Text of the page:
10 things you can do when your target audience lacks self-control
By Research Fellow, Fraser Tull
Are you trying to lose weight, save money, or spend more time with friends? Although these things are in our own best interest, it’s not always easy sticking to them. We often find ourselves slipping into bad habits or giving into temptation or simply choosing the easier option, like doing nothing!
Unfortunately, this can happen for any will-driven behaviour, and it doesn’t just happen to you, it also happens to your target audience. Fortunately, there’re a number of things we can do to help them stick with desirable behaviours.
One approach is to offer commitment devices. For instance, bank customers were given the option to place restrictions on their savings account, where they could only withdraw money after a self-selected date, or after reaching a savings goal.
This commitment device was found to boost savings by 81%.
Another approach is to give people the opportunity to make a plan to follow through with the behaviour.
For example, employees were given a leaflet about free vaccine clinics available at their organisation. When the leaflet included a space where they could jot down the date and time they intended to visit the clinic, people were more likely to get vaccinated.
A third approach is to make the future self more relatable. People sometimes struggle to see the connection between themselves and the long-term consequences of their behaviour and, as a result, they fail to take protective action in the present.
One way to highlight this connection is to focus their attention onto their future self. For example, high school students who exchanged text messages for a week with age-progressed avatars of their future selves were less likely to engage in delinquent behaviours at school.
Another approach is to allow people to choose in advance. People tend to assume the barriers they face today wont be such a problem tomorrow and so are more willing to commit to future activities.
For example, the Give More Tomorrow campaign showed that allowing employees to begin making contributions to charity at a 2-month time lag drastically increased donation rates.
A similar approach is fresh-start framing. People tend to use special dates (e.g., birthdays, the start of the month etc.), as opportunities to dust off their past failures and start afresh.
With this in mind, one approach is to ask people to make a pledge now for a latter special date. For example, people are more likely to sign-up to a savings account when they’re told contributions will commence after their birthday.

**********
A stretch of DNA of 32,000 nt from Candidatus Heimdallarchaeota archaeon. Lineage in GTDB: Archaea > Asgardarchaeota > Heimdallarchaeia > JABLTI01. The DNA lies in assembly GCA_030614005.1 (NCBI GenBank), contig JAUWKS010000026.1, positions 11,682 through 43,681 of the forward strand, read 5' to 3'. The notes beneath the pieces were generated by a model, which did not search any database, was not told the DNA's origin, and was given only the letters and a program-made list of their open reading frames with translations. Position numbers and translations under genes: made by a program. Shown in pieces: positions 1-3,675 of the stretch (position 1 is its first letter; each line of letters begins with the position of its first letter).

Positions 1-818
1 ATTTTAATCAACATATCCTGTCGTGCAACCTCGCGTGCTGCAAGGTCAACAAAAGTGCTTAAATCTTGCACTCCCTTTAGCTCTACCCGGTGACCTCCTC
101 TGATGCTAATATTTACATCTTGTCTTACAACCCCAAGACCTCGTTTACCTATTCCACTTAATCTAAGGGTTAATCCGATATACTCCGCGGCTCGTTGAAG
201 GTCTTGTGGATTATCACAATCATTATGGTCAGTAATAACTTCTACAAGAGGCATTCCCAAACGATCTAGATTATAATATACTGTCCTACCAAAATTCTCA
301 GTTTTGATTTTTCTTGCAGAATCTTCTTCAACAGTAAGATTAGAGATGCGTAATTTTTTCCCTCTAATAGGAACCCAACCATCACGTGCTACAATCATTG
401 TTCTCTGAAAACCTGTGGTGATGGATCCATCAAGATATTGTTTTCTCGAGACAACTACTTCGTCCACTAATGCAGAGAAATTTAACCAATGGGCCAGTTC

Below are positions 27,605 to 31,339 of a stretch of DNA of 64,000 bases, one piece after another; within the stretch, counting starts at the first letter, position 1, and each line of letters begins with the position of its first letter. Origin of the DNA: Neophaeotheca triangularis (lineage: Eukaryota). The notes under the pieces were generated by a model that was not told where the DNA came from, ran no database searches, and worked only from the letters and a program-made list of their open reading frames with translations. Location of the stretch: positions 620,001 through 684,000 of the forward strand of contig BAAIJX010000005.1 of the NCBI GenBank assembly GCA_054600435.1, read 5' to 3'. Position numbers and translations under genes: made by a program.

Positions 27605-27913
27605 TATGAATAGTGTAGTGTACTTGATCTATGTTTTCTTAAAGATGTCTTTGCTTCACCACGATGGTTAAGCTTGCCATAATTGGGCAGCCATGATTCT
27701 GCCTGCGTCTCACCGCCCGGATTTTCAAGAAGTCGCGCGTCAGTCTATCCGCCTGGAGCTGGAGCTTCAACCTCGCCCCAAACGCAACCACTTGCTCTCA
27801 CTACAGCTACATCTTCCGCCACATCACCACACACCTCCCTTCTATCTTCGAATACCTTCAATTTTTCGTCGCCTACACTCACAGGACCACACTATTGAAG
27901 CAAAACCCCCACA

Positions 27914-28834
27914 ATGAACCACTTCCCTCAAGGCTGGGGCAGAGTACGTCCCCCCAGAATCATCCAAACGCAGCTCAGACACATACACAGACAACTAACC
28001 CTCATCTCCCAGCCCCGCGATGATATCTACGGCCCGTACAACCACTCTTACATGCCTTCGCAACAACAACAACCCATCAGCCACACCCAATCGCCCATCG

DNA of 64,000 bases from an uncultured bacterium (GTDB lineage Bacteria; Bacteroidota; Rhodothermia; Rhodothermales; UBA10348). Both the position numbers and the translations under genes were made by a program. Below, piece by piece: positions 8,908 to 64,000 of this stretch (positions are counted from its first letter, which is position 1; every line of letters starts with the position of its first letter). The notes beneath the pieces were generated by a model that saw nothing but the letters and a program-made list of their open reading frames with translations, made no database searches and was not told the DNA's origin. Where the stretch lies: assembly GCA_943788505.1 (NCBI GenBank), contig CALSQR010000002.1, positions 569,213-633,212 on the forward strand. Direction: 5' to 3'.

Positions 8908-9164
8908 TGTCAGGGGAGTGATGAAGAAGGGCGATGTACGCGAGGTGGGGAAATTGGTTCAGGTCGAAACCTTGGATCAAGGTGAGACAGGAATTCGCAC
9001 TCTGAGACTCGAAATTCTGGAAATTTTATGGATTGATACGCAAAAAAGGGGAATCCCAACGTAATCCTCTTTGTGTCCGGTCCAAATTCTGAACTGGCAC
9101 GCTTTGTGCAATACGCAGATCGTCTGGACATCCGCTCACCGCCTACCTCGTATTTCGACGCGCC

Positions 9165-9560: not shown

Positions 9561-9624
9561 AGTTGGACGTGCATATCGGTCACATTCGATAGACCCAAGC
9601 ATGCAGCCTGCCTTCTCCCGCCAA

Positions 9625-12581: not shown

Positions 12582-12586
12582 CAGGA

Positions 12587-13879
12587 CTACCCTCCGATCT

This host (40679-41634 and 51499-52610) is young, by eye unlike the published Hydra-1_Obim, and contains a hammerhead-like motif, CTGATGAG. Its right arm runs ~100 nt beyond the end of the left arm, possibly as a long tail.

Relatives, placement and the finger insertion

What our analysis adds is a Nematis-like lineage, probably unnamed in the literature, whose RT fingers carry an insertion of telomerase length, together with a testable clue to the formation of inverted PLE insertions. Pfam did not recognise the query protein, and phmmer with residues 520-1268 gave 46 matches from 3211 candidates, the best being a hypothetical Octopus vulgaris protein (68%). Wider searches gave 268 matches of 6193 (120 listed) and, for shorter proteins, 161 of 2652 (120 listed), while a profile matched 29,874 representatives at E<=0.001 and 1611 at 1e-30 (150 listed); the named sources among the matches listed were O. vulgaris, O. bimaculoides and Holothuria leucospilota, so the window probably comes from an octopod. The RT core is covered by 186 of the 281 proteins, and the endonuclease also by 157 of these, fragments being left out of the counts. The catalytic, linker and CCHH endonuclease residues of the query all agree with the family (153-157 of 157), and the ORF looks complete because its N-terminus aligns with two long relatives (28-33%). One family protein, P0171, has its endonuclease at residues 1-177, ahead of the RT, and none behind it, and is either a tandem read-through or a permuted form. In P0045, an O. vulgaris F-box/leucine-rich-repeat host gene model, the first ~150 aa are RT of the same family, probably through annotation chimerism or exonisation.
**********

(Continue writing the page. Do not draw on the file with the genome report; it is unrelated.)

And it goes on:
Another approach for helping people take control of their behaviour is to make small changes to the physical environment that promote the desired behaviour.
For instance, corner stores in low-income communities that placed fruit and vegetables closer to the front of the store increased sales of these products among hardship customers.
People often maintain the status quo, and so a further strategy involves defaults.
The best illustration of this comes from organ donorship, where donation rates are drastically higher in countries using opt-out consent processes. In other words, when the desirable behaviour becomes the default, people benefit from doing nothing!
When people focus on the big picture (e.g., why avoid the behaviour) they’re less likely to succumb to incidental obstacles like temptations.
For example, smokers are more likely to gain control and kick their habit when primed to think about “why” they want to quit rather than “how” they’ll quit.
The above options give people choice. However, other ‘harder’ approaches can also be utilised.
For instance, forced retirement savings, bans on addictive substances, speed cameras, and safety laws have all demonstrated positive effects when it comes to behaviours requiring self-control.
There is, however, another approach. But it doesn’t come easy.
Many of the wicked behavioural problems we face are the product of our environment, not a lack of self-control. For example, the obesity crises stem from an obesogenic environment supporting inactivity and consumption of energy-dense foods.
Of course, you could argue its individual choice, but never before has our willpower been so relentlessly tested. If we are to have a meaningful impact, we may need to play with the system in which the behaviour sits, and that’s going to involve more than a nudge or slap on the wrist.